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This presentation formed part of the HEA-funded workshop 'Critical thinking in action: developing analytical skills in Criminology students. An experiential learning approach'
The workshop presented research and facilitated discussion on developing critical thinking skills in criminology students. Discussion of research results and use of a case study approach to teaching and learning highlighted how student views/concerns about their failure in developing critical thinking skills can be addressed via new directions in teaching.
This presentation forms part of a blog post which can be accessed via:
For further details of HEA Social Sciences work relating to active and experiential learning please see: http://www.heacademy.ac.uk/resources/detail/disciplines/Soc_Sci/Strategic_2013/ActiveandExperiential
Critical thinking in action. The case study approach - Angus Nurse
Developing Critical Thinking
Postgraduate Course The Case Study Approach
Critical Thinking in Action: Feedback
Dr Angus Nurse
Email – email@example.com
The Value of Case Studies
• “bridge the gap between theory and
practice and between the academy
and the workplace”
(Barkley, Cross, and Major 2005, p.182)
Student Views – Developing
• Greater emphasis on practical work required
• Move away from teacher led instruction to student centred
• The ‘how’ of analytical/critical thinking rather than just
subject specific analysis.
• Motivation is improved when reasoning is explained,
developed and understood.
Student Views: The Light at the End
of the Tunnel…
• Analysis of how ‘correct’ reasoning is arrived at
• Discussion of elements in faulty reasoning and steps leading up
to incorrect conclusions
• Workshop discussion of flawed cases, common errors and
• Analysis of areas of dispute/conflict between professionals, text
book authors - the ‘what if’s’
• Techniques for evaluating evidence and detail so that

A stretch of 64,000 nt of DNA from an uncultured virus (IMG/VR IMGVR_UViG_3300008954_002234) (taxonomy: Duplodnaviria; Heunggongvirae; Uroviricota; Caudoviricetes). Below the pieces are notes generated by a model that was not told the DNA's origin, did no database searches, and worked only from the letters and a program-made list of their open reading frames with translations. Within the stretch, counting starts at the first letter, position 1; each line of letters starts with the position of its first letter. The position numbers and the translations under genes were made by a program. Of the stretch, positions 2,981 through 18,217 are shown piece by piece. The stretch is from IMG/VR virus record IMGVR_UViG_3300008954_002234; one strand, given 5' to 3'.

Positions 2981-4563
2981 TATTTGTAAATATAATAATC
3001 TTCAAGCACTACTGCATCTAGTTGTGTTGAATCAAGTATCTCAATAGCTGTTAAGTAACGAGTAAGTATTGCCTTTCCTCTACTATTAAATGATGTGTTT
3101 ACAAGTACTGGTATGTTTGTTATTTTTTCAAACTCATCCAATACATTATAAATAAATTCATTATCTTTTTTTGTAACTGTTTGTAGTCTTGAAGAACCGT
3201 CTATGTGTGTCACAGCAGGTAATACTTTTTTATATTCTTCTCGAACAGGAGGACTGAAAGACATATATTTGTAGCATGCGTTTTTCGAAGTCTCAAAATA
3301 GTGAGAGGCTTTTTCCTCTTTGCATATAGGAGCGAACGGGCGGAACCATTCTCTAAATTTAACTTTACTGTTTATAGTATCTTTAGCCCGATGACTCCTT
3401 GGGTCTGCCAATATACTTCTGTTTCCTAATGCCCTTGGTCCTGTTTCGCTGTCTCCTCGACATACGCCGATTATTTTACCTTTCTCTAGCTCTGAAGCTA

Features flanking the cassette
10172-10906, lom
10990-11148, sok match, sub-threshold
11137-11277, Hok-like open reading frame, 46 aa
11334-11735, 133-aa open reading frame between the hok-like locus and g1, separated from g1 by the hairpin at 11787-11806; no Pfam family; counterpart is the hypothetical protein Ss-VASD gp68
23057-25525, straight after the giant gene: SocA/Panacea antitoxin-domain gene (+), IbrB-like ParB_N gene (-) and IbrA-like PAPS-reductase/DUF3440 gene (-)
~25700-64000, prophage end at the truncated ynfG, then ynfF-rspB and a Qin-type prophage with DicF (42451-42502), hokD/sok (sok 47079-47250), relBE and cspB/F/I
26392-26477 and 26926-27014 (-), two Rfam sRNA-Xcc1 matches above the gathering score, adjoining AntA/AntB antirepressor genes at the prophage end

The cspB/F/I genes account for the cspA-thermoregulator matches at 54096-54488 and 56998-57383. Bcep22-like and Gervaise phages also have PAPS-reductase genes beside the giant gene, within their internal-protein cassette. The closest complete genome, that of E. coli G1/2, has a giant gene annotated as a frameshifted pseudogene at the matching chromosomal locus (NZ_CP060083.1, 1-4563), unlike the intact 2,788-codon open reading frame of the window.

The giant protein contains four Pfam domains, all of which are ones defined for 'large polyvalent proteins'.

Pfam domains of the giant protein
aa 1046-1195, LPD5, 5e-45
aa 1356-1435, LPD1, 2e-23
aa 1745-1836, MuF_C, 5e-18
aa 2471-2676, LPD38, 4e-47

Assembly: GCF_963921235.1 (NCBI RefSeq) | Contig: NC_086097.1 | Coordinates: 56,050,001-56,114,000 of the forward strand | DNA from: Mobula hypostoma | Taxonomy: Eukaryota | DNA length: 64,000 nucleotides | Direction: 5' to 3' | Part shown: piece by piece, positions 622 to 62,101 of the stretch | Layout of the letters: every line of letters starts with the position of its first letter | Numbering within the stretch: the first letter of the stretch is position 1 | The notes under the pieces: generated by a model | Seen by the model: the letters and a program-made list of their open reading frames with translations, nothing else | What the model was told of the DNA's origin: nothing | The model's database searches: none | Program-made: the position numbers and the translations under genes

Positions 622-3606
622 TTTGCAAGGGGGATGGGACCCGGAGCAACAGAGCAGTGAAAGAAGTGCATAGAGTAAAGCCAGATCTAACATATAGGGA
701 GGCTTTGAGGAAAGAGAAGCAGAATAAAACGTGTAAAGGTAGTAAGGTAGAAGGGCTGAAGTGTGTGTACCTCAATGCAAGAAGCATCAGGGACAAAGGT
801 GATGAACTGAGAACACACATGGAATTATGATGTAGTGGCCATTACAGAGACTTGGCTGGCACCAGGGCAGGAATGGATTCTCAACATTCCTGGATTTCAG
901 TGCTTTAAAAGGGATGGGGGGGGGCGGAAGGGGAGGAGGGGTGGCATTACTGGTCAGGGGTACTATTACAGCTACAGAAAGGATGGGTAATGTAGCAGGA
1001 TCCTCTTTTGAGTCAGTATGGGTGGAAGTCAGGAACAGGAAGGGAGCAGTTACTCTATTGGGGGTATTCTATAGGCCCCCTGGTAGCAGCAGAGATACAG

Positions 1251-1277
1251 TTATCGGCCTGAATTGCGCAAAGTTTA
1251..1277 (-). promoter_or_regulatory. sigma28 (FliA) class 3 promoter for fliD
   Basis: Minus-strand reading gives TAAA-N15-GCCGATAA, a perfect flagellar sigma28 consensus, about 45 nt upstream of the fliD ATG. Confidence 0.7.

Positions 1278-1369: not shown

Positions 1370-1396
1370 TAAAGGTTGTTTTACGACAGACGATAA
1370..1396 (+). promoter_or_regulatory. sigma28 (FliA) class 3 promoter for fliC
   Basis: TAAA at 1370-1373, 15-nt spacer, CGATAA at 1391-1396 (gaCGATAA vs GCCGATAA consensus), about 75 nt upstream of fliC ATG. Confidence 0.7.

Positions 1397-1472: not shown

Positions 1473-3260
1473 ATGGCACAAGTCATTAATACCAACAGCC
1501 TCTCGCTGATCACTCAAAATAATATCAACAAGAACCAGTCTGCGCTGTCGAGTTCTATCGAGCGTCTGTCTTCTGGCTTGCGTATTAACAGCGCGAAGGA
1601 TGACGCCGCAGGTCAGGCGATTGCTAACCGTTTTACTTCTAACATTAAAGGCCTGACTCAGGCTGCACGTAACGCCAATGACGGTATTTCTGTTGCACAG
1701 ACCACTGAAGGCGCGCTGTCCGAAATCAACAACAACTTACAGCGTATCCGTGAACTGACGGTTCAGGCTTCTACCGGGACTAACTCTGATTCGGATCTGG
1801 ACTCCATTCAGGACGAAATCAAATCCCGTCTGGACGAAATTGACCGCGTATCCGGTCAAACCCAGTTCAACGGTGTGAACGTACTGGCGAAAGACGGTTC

conclusions can withstand scrutiny
The Nature of Case Studies
• They can be short (a few paragraphs) or long (e.g. 20+ pages).
• They can be used in lecture-based or discussion-based classes.
• They can be real, with all the detail drawn from actual people and
circumstances, or simply realistic.
• They can provide all the relevant data students need to discuss and
resolve the central issue, or only some of it, requiring students to identify,
and possibly fill in (via outside research), the missing information.
• They can require students to examine multiple aspects of a problem, or
just a circumscribed piece.
• They can require students to propose a solution for the case or simply to
identify the parameters of the problem.
Case Studies as Experiential
Criminology – Case
– Evaluating a scenario and identifying what may be
important and what is irrelevant;
– Analysing law, case law and Government or sector
– Evaluating evidence including witness statements,
interview evidence and contradictory or ambiguous
– Critical evaluation of a practical case to analyse the
material and reach a conclusion.
– Case study based on placement/internship experience
Developing Case Studies
• What do you want students to learn from the discussion
of the case?
• What do they know already that applies to the case?
• What are the issues (central and peripheral) that may be
raised in discussion?
• Can the case "carry" the discussion (Is it appropriate to
(Cornell University, Teaching Guidance)
Elements of a Good Case Study
Davis (1993) suggests a good case study should:
• tell a “real” and engaging story
• raise a thought-provoking issue
• have elements of conflict
• promote empathy with the central characters
• lack an obvious or clear-cut right answer
• encourage students to think and take a position
• portray actors in moments of decision
• provide plenty of data about character, location, context,
• be relatively concise
Six Key Steps for Case Study
Give students ample time to read and think about the case
Introduce the case briefly and provide some guidelines for how to
approach it. Clarify how you want students to think about the case
(e.g., “Approach this case as if you were the presiding judge”)
Create groups and monitor them to make sure everyone is
involved by giving a clear structure
Have groups present their solutions/reasoning: If groups know
they are responsible for producing something (a decision,
rationale, analysis) to present to the class, they will approach the
discussion with greater focus and seriousness.
Ask questions for clarification and to move discussion to another
level. As the discussion unfolds, ask questions that call for
students to examine their own assumptions, substantiate their
claims, provide illustrations, etc.
Synthesize issues raised. Be sure to bring the various strands of
the discussion back together at the end, so that students see what
they have learned and take those lessons with them.
• Barkley, E. F, Cross, K. P. & Major, C. H.
(2005) Collaborative Learning Techniques:
A Handbook for College Faculty. SanFrancisco: Jossey-Bass.
• Christensen, C. R. (1981) Teaching By the
Case Method. Boston: Harvard Business
• Davis, B. G. (1993) Tools for Teaching.
San Francisco: Jossey-Bass.